By Martijn Icks Social media have made public shaming all too easy. With great frequency, cries of moral indignation resound on the Internet, aimed at persons who have allegedly misbehaved or uttered disgraceful statements. These people suddenly find themselves beleaguered by digital torch-and-pitchfork mobs, ready to slaughter their good name. They are lambasted in furious …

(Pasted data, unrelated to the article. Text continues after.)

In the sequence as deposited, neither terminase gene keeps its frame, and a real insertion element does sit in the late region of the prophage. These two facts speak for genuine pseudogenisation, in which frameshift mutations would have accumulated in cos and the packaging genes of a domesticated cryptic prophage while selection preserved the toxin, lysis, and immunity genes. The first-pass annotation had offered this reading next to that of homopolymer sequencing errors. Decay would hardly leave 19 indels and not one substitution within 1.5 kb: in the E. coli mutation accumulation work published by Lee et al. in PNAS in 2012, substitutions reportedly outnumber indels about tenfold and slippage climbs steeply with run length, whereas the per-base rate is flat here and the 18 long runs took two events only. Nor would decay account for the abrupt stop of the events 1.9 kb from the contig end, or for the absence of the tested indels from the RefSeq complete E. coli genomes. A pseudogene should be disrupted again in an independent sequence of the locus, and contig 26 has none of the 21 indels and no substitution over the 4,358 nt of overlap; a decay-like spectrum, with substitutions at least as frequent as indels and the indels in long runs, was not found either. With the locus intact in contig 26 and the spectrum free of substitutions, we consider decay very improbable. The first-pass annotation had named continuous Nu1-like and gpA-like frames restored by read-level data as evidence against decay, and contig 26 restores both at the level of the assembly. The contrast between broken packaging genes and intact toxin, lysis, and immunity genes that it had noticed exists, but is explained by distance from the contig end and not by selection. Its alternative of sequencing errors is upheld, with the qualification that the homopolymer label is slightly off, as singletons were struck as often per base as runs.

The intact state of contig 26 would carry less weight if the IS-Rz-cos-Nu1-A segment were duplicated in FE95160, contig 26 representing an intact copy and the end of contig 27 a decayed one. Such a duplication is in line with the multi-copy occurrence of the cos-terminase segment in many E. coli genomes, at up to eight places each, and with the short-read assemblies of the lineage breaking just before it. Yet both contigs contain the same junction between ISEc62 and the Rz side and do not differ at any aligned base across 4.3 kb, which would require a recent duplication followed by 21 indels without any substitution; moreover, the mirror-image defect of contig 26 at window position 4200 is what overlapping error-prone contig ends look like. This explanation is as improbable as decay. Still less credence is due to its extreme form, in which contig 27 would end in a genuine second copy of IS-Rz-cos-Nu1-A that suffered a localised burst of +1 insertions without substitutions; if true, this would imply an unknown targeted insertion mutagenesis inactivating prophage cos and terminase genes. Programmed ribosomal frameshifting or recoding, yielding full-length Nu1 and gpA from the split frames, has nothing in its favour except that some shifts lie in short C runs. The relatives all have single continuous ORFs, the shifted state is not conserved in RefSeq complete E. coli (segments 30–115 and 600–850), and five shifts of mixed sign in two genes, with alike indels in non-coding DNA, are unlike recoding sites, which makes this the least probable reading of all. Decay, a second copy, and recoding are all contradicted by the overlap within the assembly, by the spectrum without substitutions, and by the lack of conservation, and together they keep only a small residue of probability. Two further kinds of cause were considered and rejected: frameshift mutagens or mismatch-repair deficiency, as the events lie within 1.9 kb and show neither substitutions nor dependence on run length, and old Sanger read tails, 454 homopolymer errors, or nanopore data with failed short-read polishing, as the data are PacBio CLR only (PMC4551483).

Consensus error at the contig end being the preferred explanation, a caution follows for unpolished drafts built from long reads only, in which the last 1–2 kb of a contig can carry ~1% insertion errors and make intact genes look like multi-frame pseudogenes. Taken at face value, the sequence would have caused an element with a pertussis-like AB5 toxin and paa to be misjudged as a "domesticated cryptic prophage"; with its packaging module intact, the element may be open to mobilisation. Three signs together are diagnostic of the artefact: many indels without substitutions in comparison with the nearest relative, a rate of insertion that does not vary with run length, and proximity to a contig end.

Because of distributed influence away from religious leaders, and politicians, popular comedians are increasingly replacing the traditional press as primary opinion leaders.
It seems that at least for now, sexual hypocrisy will be punished, but firearm hypocrisy will not be.
The election of Donald Trump notwithstanding, Americans have long held rather prim views about the private lives and characters of their politicians. Divorce, infidelity, and other “morality scandals” continually prompt hand-wringing apology speeches delivered to the public.